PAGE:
Profile: Oliver Aust, head of communications and public affairs, easyJet

EasyJet comms head Oliver Aust believes the airline's PR strategy helps it stand out from the competition, finds Gemma O'Reilly.

Oliver Aust
Oliver Aust

 

The general election is keeping easyJet's comms director surprisingly busy. All three main party leaders have had something to say about aviation since launching their campaigns.

The Conservatives and the Liberal Democrats have committed to reform air passenger duty, making it a 'green tax on emissions rather than on passengers', which easyJet supports.

Add all this to an impending court case between the airline and its founder Sir Stelios Haji-Ioannou, and one could excuse easyJet communications chief Oliver Aust for being a little flustered.

Instead Aust, 34, is remarkably calm and unruffled when PRWeek meets him at easyJet's headquarters. In case there is any doubt this is the office of an airline, it is situated in an inauspicious hanger at Luton Airport.

Warm and affable, the German-born PR and public affairs professional is well used to drama after working at Britain's biggest airline, by passenger numbers, for the past five years.

Last summer, Aust was promoted to the top communications position at the airline, replacing longstanding head of comms Toby Nicols. It is clear Aust has settled into the role well: 'There has not been a single boring day. Literally every day has been different. I love the buzz that creates. I can't imagine doing a boring job.'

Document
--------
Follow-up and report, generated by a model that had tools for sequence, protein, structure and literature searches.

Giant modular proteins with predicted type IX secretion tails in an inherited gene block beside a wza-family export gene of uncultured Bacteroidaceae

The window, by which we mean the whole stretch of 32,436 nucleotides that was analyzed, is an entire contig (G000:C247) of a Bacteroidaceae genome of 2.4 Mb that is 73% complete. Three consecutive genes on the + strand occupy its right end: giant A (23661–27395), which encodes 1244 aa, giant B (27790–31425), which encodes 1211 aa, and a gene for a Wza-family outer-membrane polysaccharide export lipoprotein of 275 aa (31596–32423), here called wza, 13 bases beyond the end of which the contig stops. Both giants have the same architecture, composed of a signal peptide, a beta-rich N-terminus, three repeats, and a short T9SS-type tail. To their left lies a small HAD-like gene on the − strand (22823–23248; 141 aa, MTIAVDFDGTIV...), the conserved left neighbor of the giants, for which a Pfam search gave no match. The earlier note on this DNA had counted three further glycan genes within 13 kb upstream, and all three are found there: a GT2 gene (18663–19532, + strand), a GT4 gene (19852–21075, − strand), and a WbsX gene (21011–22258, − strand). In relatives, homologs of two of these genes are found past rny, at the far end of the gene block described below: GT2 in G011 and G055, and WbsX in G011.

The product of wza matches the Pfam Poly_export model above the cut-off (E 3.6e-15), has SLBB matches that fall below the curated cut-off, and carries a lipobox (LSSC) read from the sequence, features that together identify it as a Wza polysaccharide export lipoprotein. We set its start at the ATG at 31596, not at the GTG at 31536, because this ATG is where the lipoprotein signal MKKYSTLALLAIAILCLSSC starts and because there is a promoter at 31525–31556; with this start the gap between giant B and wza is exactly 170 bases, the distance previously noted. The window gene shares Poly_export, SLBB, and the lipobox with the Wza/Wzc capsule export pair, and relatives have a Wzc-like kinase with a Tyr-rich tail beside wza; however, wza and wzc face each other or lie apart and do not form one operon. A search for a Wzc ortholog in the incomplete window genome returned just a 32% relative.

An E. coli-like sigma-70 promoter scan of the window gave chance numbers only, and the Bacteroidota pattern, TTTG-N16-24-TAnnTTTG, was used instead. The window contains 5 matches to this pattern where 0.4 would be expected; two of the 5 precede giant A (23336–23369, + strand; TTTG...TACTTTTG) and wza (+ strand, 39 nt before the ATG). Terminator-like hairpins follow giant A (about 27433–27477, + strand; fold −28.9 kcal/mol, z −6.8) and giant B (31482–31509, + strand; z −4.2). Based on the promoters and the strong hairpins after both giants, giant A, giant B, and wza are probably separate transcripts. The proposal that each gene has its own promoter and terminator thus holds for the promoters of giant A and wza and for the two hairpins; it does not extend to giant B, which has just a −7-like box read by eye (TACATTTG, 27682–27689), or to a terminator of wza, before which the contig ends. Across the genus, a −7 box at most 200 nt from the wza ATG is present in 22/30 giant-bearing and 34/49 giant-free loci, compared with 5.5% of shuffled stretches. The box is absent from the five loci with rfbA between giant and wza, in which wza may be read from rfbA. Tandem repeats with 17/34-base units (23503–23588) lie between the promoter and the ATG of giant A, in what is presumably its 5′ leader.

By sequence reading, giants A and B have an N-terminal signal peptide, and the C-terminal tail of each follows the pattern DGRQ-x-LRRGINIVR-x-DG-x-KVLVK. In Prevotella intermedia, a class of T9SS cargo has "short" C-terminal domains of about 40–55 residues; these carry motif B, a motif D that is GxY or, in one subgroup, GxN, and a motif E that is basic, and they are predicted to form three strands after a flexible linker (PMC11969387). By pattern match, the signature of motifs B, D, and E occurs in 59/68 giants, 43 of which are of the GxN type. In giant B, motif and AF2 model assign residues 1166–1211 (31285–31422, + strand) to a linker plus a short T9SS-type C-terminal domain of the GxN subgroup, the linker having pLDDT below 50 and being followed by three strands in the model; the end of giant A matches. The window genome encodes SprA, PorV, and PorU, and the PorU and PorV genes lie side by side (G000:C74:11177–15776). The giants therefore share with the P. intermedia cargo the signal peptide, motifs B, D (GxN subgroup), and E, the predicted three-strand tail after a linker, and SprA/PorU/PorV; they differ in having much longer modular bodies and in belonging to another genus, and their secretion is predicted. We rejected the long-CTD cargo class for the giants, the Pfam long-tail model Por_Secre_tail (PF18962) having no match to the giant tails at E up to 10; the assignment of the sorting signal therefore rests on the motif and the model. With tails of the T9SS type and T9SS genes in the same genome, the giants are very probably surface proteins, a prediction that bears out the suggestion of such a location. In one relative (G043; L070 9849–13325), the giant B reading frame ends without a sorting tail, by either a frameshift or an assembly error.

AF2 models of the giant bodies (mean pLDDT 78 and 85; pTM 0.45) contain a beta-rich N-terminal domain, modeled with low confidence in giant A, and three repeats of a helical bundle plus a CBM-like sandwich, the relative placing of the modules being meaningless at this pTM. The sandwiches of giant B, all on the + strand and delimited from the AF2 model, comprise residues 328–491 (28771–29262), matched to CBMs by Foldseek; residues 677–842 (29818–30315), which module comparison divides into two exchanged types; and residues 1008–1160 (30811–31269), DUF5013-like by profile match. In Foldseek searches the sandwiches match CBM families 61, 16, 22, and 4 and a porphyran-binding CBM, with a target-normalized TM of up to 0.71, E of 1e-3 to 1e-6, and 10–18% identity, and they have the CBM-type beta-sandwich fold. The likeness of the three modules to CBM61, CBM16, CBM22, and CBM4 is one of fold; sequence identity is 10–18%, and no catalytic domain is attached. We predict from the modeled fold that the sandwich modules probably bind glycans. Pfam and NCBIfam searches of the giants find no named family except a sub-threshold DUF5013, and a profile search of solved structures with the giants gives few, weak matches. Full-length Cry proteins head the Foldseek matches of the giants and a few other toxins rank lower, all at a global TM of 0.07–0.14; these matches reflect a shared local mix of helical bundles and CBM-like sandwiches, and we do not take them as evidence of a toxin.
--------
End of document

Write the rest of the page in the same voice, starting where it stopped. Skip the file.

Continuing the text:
Aust oversees a team of just five covering corporate, financial, public affairs, internal communications and CSR. EasyJet now operates 1,000 flights a day across 30 countries, which would make for a tough communications job even for a team more than double its size.

Aust says PR, and experiential PR in particular, has always been an integral part of the brand, and the discipline remains essential for building the company. But he admits it has been difficult to maintain the airline's 'fun' and 'quirky' image as the company has grown. However, he believes easyJet's approach to PR helps it stand out from its competitors, citing the airline's well-documented rivalry with fellow low-cost airline Ryanair as a case in point.

'They also do a lot of stunts. But what we do hopefully puts a smile on people's faces. It's not designed or intended to be offensive or brash. It's irreverent, it's fun, it's in your face. Ryanair will happily be offensive as long as it gets them in the paper.'

Aust admits it can be difficult to get good stories about the company into the newspapers. He notes the UK media are particularly obsessed with 'travel chaos' stories: 'Last winter was extremely challenging for us because of the snow. It was an unprecedented winter. The media love those stories, especially if we're close to Christmas and it's very emotional for everyone travelling home.'

Aust has been encouraging his team to look at the wider news agenda to find hooks to get easyJet positive coverage. He has also introduced an 8.30am meeting with his team, by which time they are expected to have listened to the Today programme, read the papers and looked online at the latest news.